What is Flipped Instruction? Theoretical and Practical Foundations

Trend or not, the growing desire for college instructors to “flip” their courses is a good sign for teaching in higher education. It indicates a burgeoning belief that the traditional design of the college course is overdue for change, and that a lecture-based format should be enhanced or extended with more active, participatory, or project-based pedagogies. Combining these pedagogical beliefs with the capabilities of emerging technology has led to the development of what many call “Flipped Instruction,” a loose term that covers a range of teaching and learning strategies. It is precisely this range of strategies that makes flipping a nebulous idea for many instructors. In this post, we pose answer to the commonly asked question- what is flipped instruction?

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Encouraging “Growth Mindset”

Students are more likely to be motivated to learn and resilient in the face of obstacles, if they have a ‘growth mindset’. According to Carol Dweck, a Stanford University professor, all of us fall somewhere on the continuum of fixed and growth mindset. The people with fixed mindset believe they have an innate unchangeable ability that leads to success while people with growth mindset believe that talents and abilities can be developed through effort, training, learning from experiences, and persistence.

Williams from Harvardx, Dweck and many others have studied the effect of classroom interventions that introduced the concept of growth mindset and neuroplasticity to high school students as well as undergraduate students. It is important to incorporate these brief socio-psychological interventions in the classroom in addition to the semester long engagement with the concepts in different disciplines, as they generally have a long term effect on academic success.

Listen to Dweck summarizing her team’s research in this video on Growth Mindset. In this Ted talk she focuses on ways to give feedback on assessment to cultivate growth mindset. For more information on effects of brief session long socio-psychological interventions that address students’ motivation and beliefs about their ability, read a review of research by Yeager and Walton: “Social-Psychological Interventions in Education: They’re Not Magic”.

PERT, Project for Education Research That Scales, creates and evaluates resources that instructors can use to help their students become successful learners. PERT offers a lesson plan to teach students about Growth mindset. The lesson plan is targeted at high school students but has a lot of resources to help you adapt it to your specific audience. PERT is also a good place to explore for yourself the concept of mindset and the way it affects student success. If you would rather create your own short activity for your students, here are some videos that can work as your base material:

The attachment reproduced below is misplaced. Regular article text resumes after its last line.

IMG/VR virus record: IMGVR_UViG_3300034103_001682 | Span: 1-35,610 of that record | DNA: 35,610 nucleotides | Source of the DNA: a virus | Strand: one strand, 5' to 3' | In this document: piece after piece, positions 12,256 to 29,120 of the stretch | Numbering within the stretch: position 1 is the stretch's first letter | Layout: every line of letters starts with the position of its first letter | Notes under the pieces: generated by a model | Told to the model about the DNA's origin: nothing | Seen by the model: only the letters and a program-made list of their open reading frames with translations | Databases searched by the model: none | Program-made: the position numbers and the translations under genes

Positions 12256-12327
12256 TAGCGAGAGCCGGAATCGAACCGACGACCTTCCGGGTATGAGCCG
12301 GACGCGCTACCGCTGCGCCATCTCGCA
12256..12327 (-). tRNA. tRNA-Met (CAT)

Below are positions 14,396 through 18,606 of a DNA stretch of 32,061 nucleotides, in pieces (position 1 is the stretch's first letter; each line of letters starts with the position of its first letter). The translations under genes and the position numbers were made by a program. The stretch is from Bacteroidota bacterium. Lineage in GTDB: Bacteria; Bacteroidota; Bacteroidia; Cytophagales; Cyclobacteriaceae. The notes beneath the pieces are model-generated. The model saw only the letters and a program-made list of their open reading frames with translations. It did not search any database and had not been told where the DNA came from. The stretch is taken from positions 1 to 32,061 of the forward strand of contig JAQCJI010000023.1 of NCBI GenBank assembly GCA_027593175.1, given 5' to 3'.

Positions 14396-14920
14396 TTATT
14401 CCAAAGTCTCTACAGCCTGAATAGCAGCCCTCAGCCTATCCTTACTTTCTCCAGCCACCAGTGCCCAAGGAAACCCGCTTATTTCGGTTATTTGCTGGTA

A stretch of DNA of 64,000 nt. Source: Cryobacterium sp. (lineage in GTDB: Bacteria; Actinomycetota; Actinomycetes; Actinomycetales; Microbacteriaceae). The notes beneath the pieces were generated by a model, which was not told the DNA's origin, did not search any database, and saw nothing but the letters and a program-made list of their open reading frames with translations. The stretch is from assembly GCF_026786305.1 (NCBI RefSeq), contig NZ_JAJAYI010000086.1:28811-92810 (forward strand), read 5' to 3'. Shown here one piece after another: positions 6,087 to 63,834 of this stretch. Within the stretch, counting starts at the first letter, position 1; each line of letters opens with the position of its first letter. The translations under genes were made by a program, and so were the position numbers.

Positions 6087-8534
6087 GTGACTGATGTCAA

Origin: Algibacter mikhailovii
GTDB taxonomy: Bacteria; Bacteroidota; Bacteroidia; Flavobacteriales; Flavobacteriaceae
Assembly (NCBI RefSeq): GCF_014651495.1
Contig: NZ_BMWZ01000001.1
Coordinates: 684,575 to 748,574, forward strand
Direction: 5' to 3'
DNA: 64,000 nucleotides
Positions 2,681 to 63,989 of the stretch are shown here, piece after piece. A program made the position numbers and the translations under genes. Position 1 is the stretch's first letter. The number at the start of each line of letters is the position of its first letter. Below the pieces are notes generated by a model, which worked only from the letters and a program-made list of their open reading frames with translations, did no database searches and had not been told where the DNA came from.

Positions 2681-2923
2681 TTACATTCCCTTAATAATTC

If you would like to incorporate learning from this research in your course next year or would like to study the effect of such intervention in your classroom, don’t hesitate to contact us at itg@brown.edu

MOOC Research by CIS staff member Devayani Tirthali published

Devayani Tirthali, Instructional Designer with Academic Technology, CIS has had 2 articles published relating to research she conducted with colleagues from Columbia University on MOOCs (Massive Open Online Courses). Her first article “Why do Institutions Offer MOOCs?” co-authored with Fiona M. Hollands, Teachers College, Columbia University was published in the October 2014 issue of Online Learning, a Journal of the Online Learning Consortium (Formertly JALN). By reviewing the literature and interviewing 83 individuals knowledgeable about massive open online courses (MOOCs), the article presents the authors’ investigation into the goals of institutions of higher education that are currently developing and delivering MOOCs.

Devayani’s second article also co-authored with Fiona Holland was published in the November 2014 issue of IRRODL (The International Review of Research in Open and Distance Learning). “Resource requirements and costs of developing and delivering MOOCs“. In this article, the authors address what institutional resources are required for the development and delivery of MOOCs, based on interviews conducted with 83 administrators, faculty members, researchers, and other actors in the MOOCspace. Additionally they used the ingredients method to present cost analyses of MOOC production and delivery at four institutions.

“These articles were based on the report “MOOCs: Expectations and Reality” published in May 2014. “

Devayani would be happy to discuss her research with those who are interested. You can contact her at devayani_tirthali@brown.edu.